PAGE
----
The Other Book 10


This reader’s review of The Catholic Orangemen of Togo appeared on Amazon yesterday. I like it very much because it seems to understand what I was trying to do. I really enjoy reading the readers’ reviews on both Amazon and on Facebook virtual bookshelf. When you write a book you crave feedback from those who experience reading it.

I remain very sad that my publisher buckled at the libel threats from Schillings on behalf of mercenary killer Tim Spicer, and I had to publish The Catholic Orangemen myself. The result was a much smaller readership. Murder in Samarkand deals with the extremes of human experience; The Catholic Orangemen is less spectacular, but I think it is better written and it contains the little wisdom I distilled from over a decade of working intensively on Africa and its problems,

As in his earlier book, Murray is enormously entertaining. But this is also by far the most informative book I have read about the nature of the problems modern African states tend to have. For instance he describes how many modern African countries have developed very restrictive trade agreements which allow them to accept subsidised US or EU produce, thereby bankrupting their own businesses, but won’t trade with each other because so many businesses are corrupt monopolies owned by relatives of government officials and they don’t want their neighbours to get the jump on them.

Murray also details a colossal level of corruption and bloodletting among all the West African countries, even the relatively stable Ghana. In the earlier part of the book Murray details his role in London having responsibilities for West Africa as a whole. Later he became Deputy High Commissioner of Ghana.

His most remarkable achievement here was in going to enormous lengths to facilitate a free election at the point when Jerry Rawlings had to give up power, having served two terms, and by virtue of incredible levels of organisation and very hard work managed to get a result.

This book is also frequently hilarious, never more so than in recounting his stage management of a Royal visit to Ghana, Duke of Edinburgh and all. At one stage the royal support team set up camp, so to speak, at an Accra hotel, at another the High Commissioner is gloriously upstaged. Some sections remind me of Evelyn Waugh’s ‘Black Mischief’. Murray speaks the truth and sometimes its shocking, often it confirms in glorious detail what one had often suspected, and sometimes it’s hilarious.

This book is set in the 90s, before Murray went to Uzbekistan, but was written quite recently, and Murray wasn’t as cynical about the morality of his own government during his stay in Africa as he later became. But what he has to tell us about the Arms for Africa affair reveals that what has shocked so many of us about Blair’s involvement in the Iraq war was not a one-off, driven by some compulsion to kowtow to the Americans. Long before 9/11 he was ignoring the painstaking work of whole departments of the Foreign Office to get his mates off the hook with their massively profitable corrupt arms dealing.

To anyone who loves Africa, and to anyone who wants chapter on verse on exactly how degraded the conduct of our government has become, this is essential reading.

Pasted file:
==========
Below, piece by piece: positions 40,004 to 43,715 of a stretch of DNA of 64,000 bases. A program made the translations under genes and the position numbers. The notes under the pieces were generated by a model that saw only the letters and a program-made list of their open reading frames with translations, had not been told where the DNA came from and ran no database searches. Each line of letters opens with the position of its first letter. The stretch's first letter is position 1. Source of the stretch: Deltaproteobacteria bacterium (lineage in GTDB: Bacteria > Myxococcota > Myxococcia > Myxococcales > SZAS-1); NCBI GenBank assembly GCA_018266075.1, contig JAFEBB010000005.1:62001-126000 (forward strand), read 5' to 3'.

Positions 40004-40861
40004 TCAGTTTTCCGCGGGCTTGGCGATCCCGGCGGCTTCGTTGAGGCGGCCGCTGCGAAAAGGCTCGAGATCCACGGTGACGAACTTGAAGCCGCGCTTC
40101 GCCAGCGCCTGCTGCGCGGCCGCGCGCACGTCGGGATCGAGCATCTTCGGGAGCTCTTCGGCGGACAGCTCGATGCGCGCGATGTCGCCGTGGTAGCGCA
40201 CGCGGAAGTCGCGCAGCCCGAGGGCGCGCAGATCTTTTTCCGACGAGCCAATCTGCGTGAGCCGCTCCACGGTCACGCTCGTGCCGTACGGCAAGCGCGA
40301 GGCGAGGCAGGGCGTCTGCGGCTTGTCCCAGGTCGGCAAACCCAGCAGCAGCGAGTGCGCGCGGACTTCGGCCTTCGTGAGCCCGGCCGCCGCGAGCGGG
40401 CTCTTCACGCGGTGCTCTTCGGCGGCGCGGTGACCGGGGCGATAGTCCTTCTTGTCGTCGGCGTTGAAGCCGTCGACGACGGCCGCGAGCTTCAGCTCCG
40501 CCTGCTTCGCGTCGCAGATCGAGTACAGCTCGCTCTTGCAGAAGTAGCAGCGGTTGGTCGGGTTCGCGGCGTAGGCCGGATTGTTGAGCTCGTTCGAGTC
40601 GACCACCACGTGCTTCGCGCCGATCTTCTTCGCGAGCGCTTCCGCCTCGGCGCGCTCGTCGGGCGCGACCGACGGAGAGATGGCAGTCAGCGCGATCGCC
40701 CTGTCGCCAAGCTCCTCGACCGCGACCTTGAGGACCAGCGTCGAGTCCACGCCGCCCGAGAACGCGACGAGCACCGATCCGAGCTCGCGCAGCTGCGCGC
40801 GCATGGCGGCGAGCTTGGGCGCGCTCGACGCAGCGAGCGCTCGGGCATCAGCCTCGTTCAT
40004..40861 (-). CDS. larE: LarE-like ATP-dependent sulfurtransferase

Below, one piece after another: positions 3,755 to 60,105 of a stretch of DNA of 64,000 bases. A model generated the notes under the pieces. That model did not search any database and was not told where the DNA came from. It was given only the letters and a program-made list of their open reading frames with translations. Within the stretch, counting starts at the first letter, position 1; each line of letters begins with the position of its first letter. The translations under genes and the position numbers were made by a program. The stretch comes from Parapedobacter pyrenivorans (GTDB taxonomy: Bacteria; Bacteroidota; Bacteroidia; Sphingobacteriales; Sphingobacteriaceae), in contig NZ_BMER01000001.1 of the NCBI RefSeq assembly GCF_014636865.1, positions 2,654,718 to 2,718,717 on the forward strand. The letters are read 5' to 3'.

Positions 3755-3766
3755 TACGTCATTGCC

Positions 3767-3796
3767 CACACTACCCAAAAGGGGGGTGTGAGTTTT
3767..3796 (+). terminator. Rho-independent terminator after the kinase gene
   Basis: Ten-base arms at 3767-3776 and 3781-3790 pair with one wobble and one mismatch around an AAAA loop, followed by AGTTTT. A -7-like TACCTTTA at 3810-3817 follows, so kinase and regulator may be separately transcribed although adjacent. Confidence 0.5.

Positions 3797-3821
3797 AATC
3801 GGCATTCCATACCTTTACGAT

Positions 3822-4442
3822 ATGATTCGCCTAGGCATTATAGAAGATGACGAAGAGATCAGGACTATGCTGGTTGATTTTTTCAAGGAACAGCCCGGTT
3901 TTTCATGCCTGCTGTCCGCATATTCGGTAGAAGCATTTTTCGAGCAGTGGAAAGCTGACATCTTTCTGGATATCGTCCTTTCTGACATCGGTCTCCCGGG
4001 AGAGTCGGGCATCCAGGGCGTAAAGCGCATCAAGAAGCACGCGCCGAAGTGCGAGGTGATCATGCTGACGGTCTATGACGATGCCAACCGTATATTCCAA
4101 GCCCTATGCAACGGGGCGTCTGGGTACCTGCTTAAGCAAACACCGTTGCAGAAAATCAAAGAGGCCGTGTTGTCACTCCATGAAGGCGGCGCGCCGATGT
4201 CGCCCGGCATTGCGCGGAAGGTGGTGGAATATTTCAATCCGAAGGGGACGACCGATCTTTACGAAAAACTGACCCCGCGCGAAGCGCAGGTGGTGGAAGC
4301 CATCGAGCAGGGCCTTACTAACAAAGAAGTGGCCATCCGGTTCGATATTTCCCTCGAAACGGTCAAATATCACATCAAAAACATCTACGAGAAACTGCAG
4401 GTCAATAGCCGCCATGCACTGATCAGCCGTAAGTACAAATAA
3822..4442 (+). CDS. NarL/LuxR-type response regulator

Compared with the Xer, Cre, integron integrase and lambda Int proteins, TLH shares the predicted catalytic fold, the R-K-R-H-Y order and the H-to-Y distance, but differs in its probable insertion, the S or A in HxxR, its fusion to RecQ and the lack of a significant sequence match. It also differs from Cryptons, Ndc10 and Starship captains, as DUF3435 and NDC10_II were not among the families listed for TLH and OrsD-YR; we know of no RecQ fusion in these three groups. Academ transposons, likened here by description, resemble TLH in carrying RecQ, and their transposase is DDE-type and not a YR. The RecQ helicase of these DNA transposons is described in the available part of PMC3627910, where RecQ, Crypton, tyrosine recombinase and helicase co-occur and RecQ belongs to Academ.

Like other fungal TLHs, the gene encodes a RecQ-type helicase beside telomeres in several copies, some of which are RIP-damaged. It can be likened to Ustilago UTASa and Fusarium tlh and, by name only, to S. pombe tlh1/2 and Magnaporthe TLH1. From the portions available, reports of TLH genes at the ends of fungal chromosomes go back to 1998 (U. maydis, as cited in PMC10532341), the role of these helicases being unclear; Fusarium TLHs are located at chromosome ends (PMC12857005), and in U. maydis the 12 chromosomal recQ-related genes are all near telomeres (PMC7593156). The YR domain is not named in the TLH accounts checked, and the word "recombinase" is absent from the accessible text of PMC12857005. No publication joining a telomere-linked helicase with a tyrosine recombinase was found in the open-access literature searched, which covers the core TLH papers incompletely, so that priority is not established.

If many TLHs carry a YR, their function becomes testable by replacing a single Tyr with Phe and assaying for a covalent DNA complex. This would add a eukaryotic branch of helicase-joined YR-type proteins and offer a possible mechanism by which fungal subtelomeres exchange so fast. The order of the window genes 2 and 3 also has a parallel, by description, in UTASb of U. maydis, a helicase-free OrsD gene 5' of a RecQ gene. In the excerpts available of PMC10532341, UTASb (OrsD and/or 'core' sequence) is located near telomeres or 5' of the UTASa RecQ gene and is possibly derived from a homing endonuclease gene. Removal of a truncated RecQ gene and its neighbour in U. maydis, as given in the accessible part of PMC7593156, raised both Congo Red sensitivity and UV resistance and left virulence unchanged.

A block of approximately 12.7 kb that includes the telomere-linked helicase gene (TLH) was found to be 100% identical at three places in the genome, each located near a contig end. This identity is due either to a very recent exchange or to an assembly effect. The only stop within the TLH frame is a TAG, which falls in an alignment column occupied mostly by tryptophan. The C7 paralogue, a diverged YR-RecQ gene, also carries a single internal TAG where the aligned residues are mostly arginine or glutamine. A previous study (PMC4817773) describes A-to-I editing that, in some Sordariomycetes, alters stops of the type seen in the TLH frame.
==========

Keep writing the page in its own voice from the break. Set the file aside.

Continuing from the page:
http://www.amazon.co.uk/product-reviews/0956129900/ref=cm_cr_dp_synop?ie=UTF8&showViewpoints=0&sortBy=bySubmissionDateDescending#R35CPZL41NHT7D


10 thoughts on “The Other Book

  • Chris Marsden

    How about a book on your Polish experiences? Given recent events in Eastern Europe with the wheels coming off the alleged ‘economic mini-miracle’, it could be illuminating – and funny, obviously…

  • Clark

    Craig,

    I don’t know how the libel laws work – now that your book has been available for some time without a libel case against it, would a mainstream publisher still be at risk from Spicer’s solicitors?

    Also, I still have the PDF version available on my web space. Do tell me if you’d rather I removed it now that the book is available through Amazon. Or would you prefer that I continue linking to it here?

  • Jon

    Btw, it was hinted on another thread that Murder in Samarkand is not being well advertised by Auntie, deliberately, to avoid excessive criticism of the govt. I don’t this is the case though – there was a cracking preview just after Front Row last night, at 7:45pm. Just the right audience, in fact, who would be interested to tune in.

  • Jon

    Craig, I seem to remember that you were making a loss on Catholic Orangemen books if they were purchased on Amazon. Is that still the case, and if so is there a smaller bookshop that might sell them with a better split of the proceeds?

  • Craig

    Clark,

    I still don’t have a problem with people reading it free.

    Jon,

    I hope that the paypal link to buy at top left of this site is working again. I had pretty well no luck getting bokshops to stock, but you could try Bookmarks or Wordpower, or pretty well any bookshop should be able to order it – which does give me a small profit.

  • Suhayl Saadi

    Oh, publishing nowadays is full of lily-livered people. Conformity is the mantra. It is a consequence I think, of the demise of a real Left publishing in this country.

  • Richard

    Dear Mr. Murray,

    Firstly please allow this ‘small c’ conservative to express his gratitude to you for the stance you took while ambassador in Taskent. A small (no offence implied) figleaf to cover the naked moral bankruptcy of the country I once loved.

    But one small quibble. If the treatment of Pat O’Donnel is as described, then it doesn’t belong in Uzbkistan either. It doesn’t belong anywhere.

    Best wishes,

    R.

Comments are closed.